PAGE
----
October 02, 2018
Media Appearances /
Posted by NCID

Abiy Ahmed was only a 15 year old teenager when Isaias Afwerki declared Eritrea’s independence in 1991. But Ahmed was already in politics. He first joined the Oromo Democratic Party (ODP) to fight against Mengistu Haile Mariam's regime in Ethiopia and years later he led his country’s intelligence team in the border 1998-2000 border war against Eritrea. 

Now 42, Ahmed is the youngest leader in Africa and the first Ethiopian Prime Minister to “fully accept and implement” the peace agreement signed between both countries in the year 2000, which never came into place. After two decades of closed borders, no diplomacy and mounting tensions, Ethiopia and Eritrea agreed to an end of the conflict last July and signed their commitment at the start of September in a historic meeting in Saudi Arabia. The rapprochement has also included neighbor countries Djibouti and Somalia, who also had a border dispute with Eritrea. 

International organizations have welcomed the peace agreements and UN Secretary General Antonio Guterres said “there is a wind of hope blowing in the Horn of Africa”. When the world was remembering those fallen in the 9/11 attacks at the World Trade Center, Ethiopians were celebrating their New Year by crossing the border and hugging their loved ones for the first time in 20 years. Since then flights have resumed, phone services between countries have been restored and embassies have reopened both in Ethiopia and Eritrea in a fascinatingly rapid turn of events. 

Optimism is buoyant, but many questions arise around this sudden restoration of relations. Why does this happen now and so rapidly? What are the countries’ interests in opening to one another? What impact can it have within and across its borders?

Abiy Ahmed, the reformist

The momentum sparkled when last 15th of February former Ethiopian Prime Minister Hailemariam Desalegn surprisingly resigned hoping to end political unrest. Tensions had hit the country since 2015, as the Oromos had sparked protests arguing they had been marginalized from society. The Oromo is the largest of the more than 80 ethnic groups in Ethiopia, covering almost one third of the 100 million population of the country, followed by the Amhara group, which accounts for 27% of Ethiopians. Desalegn was Amhara and his successor, Prime Minister Ahmed became Ethiopia’s first Oromo leader. He stepped into office promising profound changes. Two months later he had restored relations with its neighbor and long-time enemy Eritrea, welcomed back political opponents once considered terrorists and opened the door to a liberalization of the state-controlled economy.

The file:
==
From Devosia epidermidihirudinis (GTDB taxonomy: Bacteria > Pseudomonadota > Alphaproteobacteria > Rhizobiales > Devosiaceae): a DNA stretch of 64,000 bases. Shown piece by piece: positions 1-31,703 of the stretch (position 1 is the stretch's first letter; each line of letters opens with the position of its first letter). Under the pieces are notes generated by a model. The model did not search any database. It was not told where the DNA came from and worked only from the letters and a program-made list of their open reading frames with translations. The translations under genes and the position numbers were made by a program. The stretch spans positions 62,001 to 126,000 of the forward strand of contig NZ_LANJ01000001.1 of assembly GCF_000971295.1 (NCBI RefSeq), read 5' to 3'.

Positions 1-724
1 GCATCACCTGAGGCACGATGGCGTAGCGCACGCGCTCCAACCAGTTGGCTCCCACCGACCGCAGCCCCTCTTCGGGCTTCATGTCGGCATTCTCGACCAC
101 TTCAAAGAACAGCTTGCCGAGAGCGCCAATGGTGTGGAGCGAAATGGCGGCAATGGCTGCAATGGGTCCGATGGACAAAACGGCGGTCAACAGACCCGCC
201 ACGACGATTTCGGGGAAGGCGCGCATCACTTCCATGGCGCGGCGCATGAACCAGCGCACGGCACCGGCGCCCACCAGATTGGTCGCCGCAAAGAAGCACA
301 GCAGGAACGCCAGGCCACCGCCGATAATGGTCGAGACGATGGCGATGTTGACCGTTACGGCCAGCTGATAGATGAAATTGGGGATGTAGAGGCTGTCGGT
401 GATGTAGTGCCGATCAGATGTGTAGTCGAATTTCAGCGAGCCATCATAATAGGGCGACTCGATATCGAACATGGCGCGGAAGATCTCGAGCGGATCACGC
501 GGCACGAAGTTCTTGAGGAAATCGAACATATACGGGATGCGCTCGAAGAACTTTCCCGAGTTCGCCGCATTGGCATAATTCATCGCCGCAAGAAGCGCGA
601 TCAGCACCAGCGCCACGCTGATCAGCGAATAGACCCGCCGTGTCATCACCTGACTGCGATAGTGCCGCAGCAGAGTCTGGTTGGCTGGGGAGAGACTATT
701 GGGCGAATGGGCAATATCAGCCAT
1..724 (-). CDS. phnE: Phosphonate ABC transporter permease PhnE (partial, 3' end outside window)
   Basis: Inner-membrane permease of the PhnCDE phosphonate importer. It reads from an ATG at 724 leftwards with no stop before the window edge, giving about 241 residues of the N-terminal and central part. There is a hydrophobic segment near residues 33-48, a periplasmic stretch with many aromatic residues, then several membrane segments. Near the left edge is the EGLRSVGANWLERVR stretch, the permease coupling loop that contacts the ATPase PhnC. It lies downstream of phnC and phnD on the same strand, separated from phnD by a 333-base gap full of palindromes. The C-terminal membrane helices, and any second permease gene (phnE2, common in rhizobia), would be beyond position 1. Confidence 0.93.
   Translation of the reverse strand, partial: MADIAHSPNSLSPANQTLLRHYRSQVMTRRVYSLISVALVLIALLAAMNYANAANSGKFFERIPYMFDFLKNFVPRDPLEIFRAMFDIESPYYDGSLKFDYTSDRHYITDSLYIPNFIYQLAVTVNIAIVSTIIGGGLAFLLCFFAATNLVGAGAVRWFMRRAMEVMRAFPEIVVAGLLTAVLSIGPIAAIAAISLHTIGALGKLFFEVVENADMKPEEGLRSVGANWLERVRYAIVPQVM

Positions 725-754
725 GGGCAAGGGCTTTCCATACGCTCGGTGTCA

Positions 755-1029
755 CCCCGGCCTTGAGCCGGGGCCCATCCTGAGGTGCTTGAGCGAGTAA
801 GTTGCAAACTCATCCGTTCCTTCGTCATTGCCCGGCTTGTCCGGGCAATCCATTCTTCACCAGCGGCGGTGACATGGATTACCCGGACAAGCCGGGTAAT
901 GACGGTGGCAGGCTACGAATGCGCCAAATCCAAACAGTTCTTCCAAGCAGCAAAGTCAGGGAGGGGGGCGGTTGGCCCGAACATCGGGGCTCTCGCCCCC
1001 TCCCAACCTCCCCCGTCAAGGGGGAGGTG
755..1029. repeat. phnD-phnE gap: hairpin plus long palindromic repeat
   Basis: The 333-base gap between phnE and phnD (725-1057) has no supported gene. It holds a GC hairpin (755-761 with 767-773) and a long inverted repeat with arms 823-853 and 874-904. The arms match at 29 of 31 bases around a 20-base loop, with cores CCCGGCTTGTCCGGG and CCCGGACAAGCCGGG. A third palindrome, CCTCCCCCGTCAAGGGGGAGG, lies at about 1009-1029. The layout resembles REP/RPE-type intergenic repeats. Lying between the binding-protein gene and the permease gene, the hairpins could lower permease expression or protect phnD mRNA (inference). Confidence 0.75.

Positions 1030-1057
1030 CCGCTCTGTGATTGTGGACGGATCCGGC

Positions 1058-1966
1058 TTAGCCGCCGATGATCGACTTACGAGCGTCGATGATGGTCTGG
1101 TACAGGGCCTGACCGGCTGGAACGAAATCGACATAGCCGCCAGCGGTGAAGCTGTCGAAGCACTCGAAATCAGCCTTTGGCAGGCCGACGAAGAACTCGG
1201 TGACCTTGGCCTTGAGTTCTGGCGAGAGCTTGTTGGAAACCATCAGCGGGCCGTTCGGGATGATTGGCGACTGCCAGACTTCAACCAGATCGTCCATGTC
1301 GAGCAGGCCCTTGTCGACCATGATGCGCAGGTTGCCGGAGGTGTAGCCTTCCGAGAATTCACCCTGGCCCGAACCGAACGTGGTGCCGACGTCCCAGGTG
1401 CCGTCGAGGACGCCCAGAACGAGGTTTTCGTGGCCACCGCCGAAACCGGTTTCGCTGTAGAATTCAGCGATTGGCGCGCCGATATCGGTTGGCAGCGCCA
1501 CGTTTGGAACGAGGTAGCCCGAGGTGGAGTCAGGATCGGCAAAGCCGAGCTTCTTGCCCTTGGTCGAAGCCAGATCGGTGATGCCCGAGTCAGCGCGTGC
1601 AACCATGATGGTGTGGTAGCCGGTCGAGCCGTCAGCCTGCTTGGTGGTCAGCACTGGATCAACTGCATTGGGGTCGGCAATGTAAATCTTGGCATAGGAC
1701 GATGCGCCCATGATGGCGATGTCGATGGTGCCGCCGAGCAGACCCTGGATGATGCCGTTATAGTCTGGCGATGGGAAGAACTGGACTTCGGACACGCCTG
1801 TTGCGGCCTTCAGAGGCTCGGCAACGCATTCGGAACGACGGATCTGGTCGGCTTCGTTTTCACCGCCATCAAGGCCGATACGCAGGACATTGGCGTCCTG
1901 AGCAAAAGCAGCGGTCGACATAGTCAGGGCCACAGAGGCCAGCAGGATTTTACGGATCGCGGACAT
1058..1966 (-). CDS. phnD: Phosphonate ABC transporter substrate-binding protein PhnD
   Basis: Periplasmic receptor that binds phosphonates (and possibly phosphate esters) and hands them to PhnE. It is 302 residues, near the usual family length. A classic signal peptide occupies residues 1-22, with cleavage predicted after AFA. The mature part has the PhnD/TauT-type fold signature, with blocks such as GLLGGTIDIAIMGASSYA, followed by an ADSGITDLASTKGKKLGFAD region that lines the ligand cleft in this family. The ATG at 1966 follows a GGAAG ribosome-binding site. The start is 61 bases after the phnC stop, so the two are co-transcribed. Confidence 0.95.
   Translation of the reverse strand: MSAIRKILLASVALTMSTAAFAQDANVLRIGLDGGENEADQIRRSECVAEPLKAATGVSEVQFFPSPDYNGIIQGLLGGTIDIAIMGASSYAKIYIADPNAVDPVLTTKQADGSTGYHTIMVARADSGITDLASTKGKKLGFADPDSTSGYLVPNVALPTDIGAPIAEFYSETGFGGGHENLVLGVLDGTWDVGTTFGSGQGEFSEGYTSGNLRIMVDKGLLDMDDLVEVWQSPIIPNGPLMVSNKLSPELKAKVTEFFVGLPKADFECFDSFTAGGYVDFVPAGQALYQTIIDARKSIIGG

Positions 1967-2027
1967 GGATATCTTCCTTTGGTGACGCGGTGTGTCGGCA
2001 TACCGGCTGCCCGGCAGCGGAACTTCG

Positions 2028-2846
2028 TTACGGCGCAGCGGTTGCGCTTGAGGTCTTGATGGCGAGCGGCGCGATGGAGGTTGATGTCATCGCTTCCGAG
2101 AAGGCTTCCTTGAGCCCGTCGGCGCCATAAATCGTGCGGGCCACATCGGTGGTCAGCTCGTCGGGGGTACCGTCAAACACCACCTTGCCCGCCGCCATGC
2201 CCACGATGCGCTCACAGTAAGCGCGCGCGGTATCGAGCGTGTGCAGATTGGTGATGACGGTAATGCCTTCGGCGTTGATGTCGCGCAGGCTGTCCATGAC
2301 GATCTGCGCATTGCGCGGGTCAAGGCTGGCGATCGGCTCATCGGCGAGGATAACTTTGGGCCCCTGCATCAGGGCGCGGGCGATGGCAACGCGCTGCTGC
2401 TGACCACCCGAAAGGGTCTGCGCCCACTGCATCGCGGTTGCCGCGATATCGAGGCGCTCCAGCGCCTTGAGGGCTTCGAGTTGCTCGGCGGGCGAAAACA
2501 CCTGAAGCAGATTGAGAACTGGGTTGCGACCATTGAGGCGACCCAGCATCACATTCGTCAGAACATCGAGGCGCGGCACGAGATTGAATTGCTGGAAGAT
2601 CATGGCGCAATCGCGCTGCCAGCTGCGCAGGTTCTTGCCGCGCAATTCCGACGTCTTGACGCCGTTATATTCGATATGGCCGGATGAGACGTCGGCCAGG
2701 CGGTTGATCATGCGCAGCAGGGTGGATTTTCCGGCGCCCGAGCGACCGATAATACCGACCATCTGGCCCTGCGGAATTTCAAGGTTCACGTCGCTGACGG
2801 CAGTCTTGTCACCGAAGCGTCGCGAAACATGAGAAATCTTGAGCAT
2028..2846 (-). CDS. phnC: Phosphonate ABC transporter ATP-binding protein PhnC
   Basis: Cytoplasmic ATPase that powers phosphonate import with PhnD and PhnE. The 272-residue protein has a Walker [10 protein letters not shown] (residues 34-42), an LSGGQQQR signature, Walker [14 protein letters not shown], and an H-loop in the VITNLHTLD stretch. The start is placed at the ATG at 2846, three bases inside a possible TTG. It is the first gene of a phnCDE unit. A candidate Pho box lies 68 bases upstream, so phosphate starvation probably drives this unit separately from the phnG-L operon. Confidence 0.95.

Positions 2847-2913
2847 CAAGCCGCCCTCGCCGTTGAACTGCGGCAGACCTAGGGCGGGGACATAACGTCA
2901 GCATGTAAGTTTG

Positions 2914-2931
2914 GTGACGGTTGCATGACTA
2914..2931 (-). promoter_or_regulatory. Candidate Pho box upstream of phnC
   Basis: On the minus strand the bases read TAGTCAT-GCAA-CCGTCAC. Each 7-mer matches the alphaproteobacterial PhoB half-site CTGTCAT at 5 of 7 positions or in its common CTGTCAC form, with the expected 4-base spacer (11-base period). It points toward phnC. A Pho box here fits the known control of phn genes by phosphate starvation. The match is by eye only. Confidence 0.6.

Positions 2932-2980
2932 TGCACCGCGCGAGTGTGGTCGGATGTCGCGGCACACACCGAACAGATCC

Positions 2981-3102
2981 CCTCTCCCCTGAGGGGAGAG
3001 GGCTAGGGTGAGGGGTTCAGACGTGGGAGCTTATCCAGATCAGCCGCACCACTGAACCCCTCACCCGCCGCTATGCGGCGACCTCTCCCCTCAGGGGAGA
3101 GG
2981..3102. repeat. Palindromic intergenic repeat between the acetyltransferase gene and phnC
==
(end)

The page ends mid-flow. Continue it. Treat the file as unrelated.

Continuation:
Opportunities for development

The two year war killed about 80,000 people and two decades of conflict has left 160,000 Eritrean refugees in Ethiopia. This peace deal brings a hope for change, as the border reopens and economic cooperation can bolster. 

Coming from such a strong enmity, any rapprochement is a step forward. Opening borders and lowering tariffs generates a massive opportunity for trade for both countries, as well as an opportunity for reduced commodity prices and increased competitiveness. 

Furthermore, Eritrea has been isolated with its neighbors, focusing its trade with China and South Korea, and its potential for maritime trade in the Red Sea has been wasted for long time with underutilized ports. Meanwhile, Ethiopia is the second most populous country in Africa and the fastest growing economy in Sub-Saharan Africa at a rate of 8.5%, according to the IMF. However, it still depends entirely on Djibouti for maritime trade, as this accounted for 97% of Ethiopia’s imports. Opening road and rail routes to Eritrean ports would end with its dependency on Djibouti and open a quicker and safer path to the Gulf States, avoiding the Gulf of Aden.

Gulf States’ interest in the Horn of Africa

Saudi Arabia hosted the peace agreement between both nations in a gesture which shows the increased interest for the Gulf States in establishing peace in the Horn of Africa. Recently Dubai companies have signed massive investments of up to $442 million to develop ports in Somalia, and the United Arab Emirates (UAE) signed an agreement with the self-declared government of Somaliland to establish a military base in the city of Berbera. 

The UAE and Saudi Arabia have a strategic interest in the port of Assab in Eritrea, as it is a critical point for the war they are fighting in Yemen with the Houthi rebels and against the influence of Iran in the region. Furthermore, recent studies have shown that Eritrea’s coast has the prospect of hiding vast oil and gas reserves which have remained idle for decades due to the lack of knowledge of its existence and the conflict with Ethiopia. The Gulf States and foreign powers are eager to exploit those resources which could bring a sudden massive influx of capital into Eritrea.